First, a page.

Businesses have only a few months left to benefit from reduced energy bills through the extended Climate Change Agreement (CCA) scheme. Richard Palmer of energy consultant Roadnight Taylor explains why even smaller business should think about joining the CCA scheme.
Having closed to new entrants in 2018, after the last budget government said it would extend the CCA scheme for two years to 2025 and reopen it to eligible energy intensive businesses. A BEIS consultation closed on 11 June with the response coming in July.
While the outcome of the consultation is uncertain, most sector associations we’ve spoken to are expecting a similar scheme with appropriate energy efficiency targets, and it is thought that applications for new entrants will likely need to be submitted by 31 August 2020. Eligible businesses can voluntarily sign up to a CCA to reduce the Climate Change Levy (CCL) charges on their electricity and gas bills. If they meet certain pre-agreed targets, the CCL is currently reduced by up to 92% on electricity bills and between 77% and 81% on other fuels.
It applies to a wide range of industrial sectors, numbering over fifty and each with energy intensive processes. Sectors range from chemicals, paper, brewing, mineral processing and ceramics to agricultural businesses such as intensive pig and poultry farming and downstream dairy processing, data centres and businesses whose primary energy demand is for cold storage.
The opportunity also allows companies to gain momentum as their businesses and associated energy demand emerge from the Covid-19 ‘demand destruction’, and forms part of the green recovery narrative. The UK’s electricity prices are the second highest in Europe and business competitiveness is critical as part of our economic recovery. It is also a key enabler into sustainability and corporate social responsibility programmes.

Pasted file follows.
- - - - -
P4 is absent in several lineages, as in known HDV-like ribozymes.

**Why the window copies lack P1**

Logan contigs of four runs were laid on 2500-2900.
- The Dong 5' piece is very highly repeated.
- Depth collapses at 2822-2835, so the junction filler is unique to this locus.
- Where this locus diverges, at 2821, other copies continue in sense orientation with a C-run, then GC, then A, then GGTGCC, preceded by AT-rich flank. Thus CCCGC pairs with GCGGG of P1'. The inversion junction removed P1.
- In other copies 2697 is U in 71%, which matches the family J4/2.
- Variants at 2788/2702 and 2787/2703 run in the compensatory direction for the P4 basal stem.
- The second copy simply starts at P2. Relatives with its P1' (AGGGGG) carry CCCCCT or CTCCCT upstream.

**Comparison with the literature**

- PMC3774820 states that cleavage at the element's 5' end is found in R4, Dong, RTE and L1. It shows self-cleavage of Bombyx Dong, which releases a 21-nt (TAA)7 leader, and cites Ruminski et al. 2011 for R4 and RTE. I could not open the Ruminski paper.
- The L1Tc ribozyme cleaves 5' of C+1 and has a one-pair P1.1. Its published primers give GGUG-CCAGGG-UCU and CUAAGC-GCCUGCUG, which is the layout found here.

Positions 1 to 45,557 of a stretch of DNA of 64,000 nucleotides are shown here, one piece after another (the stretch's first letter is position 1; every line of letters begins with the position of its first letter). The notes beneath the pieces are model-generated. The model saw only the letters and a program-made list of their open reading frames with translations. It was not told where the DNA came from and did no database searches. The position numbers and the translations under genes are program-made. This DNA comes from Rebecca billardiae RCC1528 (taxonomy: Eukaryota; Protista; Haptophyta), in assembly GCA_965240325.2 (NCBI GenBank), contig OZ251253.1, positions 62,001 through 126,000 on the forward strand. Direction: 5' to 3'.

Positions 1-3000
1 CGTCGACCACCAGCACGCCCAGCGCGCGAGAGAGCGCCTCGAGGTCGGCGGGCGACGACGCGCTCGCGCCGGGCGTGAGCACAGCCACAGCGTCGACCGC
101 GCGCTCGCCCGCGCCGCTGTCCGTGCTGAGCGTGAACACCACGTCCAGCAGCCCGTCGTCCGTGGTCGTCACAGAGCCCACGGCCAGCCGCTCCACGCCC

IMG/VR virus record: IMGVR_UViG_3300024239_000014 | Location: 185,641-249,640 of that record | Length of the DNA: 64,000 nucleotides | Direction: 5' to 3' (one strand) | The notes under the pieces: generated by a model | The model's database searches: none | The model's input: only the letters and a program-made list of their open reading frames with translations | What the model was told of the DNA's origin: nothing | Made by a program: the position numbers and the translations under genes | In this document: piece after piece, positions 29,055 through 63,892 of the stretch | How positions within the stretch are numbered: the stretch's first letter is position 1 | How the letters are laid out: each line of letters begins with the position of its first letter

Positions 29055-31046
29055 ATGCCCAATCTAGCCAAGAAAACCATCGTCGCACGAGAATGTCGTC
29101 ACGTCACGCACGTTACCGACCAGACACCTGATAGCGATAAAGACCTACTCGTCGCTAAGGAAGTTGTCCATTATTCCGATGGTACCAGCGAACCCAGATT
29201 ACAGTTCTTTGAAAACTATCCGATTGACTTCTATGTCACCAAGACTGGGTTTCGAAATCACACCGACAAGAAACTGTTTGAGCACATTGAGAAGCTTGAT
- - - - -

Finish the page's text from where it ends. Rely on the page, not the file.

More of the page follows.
This extension effectively buys the government more time to put in place more radical and tighter policy changes in line with our legal commitment to a new 2050 net zero target. Furthermore, the current consultation on the future of carbon pricing, and the impact of Brexit, could influence the future of CCA agreements.
Qualifying businesses need not now have a particularly high energy spend. We’ve identified forward savings of nearly £10,000 on CCL alone, for clients with annual electricity energy spend as low as £45,000.
Some businesses will already be benefitting from CCAs, but the scheme extension provides an opportunity for those businesses not in a CCA to apply and, if they meet targets, benefit for the 4.25 years until March 2025. Whilst the carbon buy-out is likely to increase for not meeting set targets, this voluntary scheme operates in such a way as to allow for an economic trade off.
The CCL increased significantly from 1 April 2019, so the commercial opportunity is now greater – it is the UK’s only carbon tax on energy bills following the abolishment of the CRC. The higher percentage CCL discount will offer significant savings for more smaller energy users in this new application window. And, as help is at hand to assess and arrange this for you, you can you stay focused on your core operations. The benefits should be a no-brainer and qualifying, energy-intensive businesses should sign up now.
However, businesses should have an assessment carried out to determine their eligibility, to analyse the cost/benefit of applying – and to identify their appropriate sector association.
In addition, it’s important to understand how the CCA could impact any planned investment in low carbon technologies during the scheme’s duration – currently the CCA does not recognise on-site renewables contributing to meeting targets.
Only then should businesses apply to the appropriate sector association. As businesses may not fall into the most obvious sector, now is the time to determine the relevant pathway – before the window of opportunity shuts.